Tuesday, June 5, 2012

Magic City

Where to start?  I guess with Anne Tkach who I’ve known the longest.  First met her as a fan of the late great Nadine.  She played bass in this well respected group and they got some good national and international attention during their time together.  But like all things the band eventually ended.  My first clue to this was back in 2004 when I was representing 3wk.com at SXSW and Nadine were slated to perform.  I showed up hoping to talk with Anne but was met by the guitar player, Steve and told the band would be doing an acoustic set.  He didn’t say the group had disbanded but you could tell something was up.  Disappointed, I left to catch Grand Ulena who were also playing the festival.

The next group I knew of her playing in was The Good Griefs and what a powerhouse trio that was.  This band also featured Larry Bulawsky on guitar and vocals.  But that band ended also.  I believe the next thing was Bad Folk and that was another great band Anne played drums in.  I was rather close with this band (due to Anne and Tim Rakel) and produced artwork for two of their releases.  The first was a drawing of historical people like Eisenhower, MacArthur and Harry S. Truman for a 45.  The cover turned out nice and was printed by Firecracker Press.  The second was a painting for their full-length CD.  Unfortunately the album, which is excellent, was never released.

I’m sure there are some other groups or collectives she participated in but the next things I know of is the wonderful Rough Shop, the charming Skekses and Magic City.  Magic City features Anne on bass, Larry (mentioned above) on guitar/vocals, Adam Hesed on farfisa organ , JJ Hamon as utility man and Sam Meyer on drums. 

Sam I have known of since his days with In Media Res.  I say “know of” because I didn’t actually know him.  Didn’t really meet him until later but everyone knew he was/is one of the best drummers in town.  Sam and I share a common unbreakable bond.  We were both in a band, although not at the same time, with Jason Rook.  I got to know Sam well when he started playing drums with the Wormwood Scrubs, Jason and Larissa Rook’s (she was known as Larissa Dalle at the time) band.  I had been their drummer for awhile but ended up leaving after marrying Angel.  Sam continued on with them and did some tours, including a stint in England with Gringo Star.  Eventually Jason and Larissa got married and now have a child of their own, so the Wormwood Scrubs kind of went on hiatus.  Sam started up with Magic City (whose great debut album was recorded by Jason Rook) and he also plays with the excellent Demonlover.  It’s strange, Sam and I never really hung out that much before but nowadays when we see each other out, we have a pretty good time.  He’s moving to Kentucky soon and I will surely miss him.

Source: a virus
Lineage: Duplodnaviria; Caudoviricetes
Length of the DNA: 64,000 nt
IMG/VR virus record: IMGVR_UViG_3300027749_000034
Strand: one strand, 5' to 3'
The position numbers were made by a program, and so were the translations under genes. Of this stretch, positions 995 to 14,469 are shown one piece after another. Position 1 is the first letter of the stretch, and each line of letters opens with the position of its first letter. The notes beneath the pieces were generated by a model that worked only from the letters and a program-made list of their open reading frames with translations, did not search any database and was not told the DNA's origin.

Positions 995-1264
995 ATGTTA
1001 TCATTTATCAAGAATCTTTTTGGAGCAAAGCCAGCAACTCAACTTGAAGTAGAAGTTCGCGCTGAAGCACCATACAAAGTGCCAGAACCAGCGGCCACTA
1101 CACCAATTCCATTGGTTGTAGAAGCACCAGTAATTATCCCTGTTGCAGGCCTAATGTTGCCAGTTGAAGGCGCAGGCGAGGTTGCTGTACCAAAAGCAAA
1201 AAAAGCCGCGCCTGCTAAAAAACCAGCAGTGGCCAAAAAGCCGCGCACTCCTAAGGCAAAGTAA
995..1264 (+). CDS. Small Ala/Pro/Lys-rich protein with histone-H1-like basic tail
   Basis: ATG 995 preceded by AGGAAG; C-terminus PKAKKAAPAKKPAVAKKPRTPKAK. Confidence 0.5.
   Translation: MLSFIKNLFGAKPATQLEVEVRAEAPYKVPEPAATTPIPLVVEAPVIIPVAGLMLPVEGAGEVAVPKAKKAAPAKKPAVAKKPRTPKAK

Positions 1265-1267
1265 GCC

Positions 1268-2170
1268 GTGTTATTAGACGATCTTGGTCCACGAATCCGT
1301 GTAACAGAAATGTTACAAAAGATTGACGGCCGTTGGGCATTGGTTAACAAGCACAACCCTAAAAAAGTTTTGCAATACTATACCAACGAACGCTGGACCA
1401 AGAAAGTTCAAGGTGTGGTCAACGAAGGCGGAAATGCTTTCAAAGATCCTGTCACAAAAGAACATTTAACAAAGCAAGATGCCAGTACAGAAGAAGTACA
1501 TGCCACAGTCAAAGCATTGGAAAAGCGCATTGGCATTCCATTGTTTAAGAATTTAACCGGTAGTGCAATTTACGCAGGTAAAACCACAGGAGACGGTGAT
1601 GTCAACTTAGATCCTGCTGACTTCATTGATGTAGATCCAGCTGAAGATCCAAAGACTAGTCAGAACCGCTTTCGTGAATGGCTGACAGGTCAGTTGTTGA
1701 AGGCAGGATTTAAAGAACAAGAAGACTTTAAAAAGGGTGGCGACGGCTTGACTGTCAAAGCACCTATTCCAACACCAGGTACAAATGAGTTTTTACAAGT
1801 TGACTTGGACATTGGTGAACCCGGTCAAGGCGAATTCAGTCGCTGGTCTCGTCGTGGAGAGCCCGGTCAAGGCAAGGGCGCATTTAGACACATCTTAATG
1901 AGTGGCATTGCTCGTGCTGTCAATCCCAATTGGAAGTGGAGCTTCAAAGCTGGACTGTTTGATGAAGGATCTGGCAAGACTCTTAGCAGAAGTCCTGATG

I first became aware of Adam Hesed one night when I wandered into Mangia and saw an incredible 6 piece band playing some great music.  The band was called The Deserters and Adam played farfisa organ.  The band blew me away that night but like so many awesome local bands they didn’t last.  While Adam was in Bad Folk I got to know him pretty well and that’s continued on to this day.  I’ll get together with him and Anne every so often and just talk about whatever is going on. 

When I first met JJ he arrived with a  group of musicians (which included Anne and Adam) who were scheduled to perform at an art show I was putting on at Fort Gondo.  Little did I know at that time the level of musicianship JJ possessed.  He walked into the gallery and I handed him a stack of cut out imitation 20 dollar bills and asked him to spread them on the floor.  He looked at me kind of funny but went ahead and did as requested.  Of course JJ is well known for playing in the now defunct band Theodore.  Since then he’s played with just about everyone in town and continues to be an in-demand instrumentalist.  His current regular bands include Magic City and Demonlover. 

And then there’s Larry, the front man of the band.  Again I knew of Larry before I actually knew him.  I’d admire his guitar playing from afar during his Good Grief days.  I’d watch him and think why isn’t he world famous?  Larry’s genius didn’t really hit me though until a few years ago when I ran into him at a Black Diamond Heavies gig.  The show was at Tom Huck’s print studio located on Vandeventer.  Bob Reuter’s Alley Ghost was opening the show and at the end of their set I went to the bar to get a beer.  The bar was located in the next room and I saw Larry sitting at a table.  He was with Virginia Hunter so I went over to say hello.  Virginia is a film maker and I’m still in awe of a film she was involved with called “Carny”.  I started talking with Virginia and noticed Larry was just doodling away on a scrap piece of paper.  I didn’t pay much attention but then I could tell that he was so focused on what he was doing he didn’t even realize I was there.  Finally he looked up and showed me what he was drawing.  I couldn’t believe it.  He had drawn a picture of Bob singing and playing in the next room.  I knew exactly what it was as soon as I saw it.  I had just come from where Bob was playing and recognized it immediately.  It was amazing.  Larry had sat there and drawn all of this from memory while it was going on.

Collectively these individuals make up Magic City and it’s a pretty great band.  I’m thankful for knowing them all.

now playing - The Faces


Zed Naught said...

Very exciting. Thanks for recounting the history of these fine folks, Dana.

virginia lee hunter said...

Very thoughtful of you Dana. Your painting of Magic City is much admired in our house. You captured Larry superbly as well as the others in the band.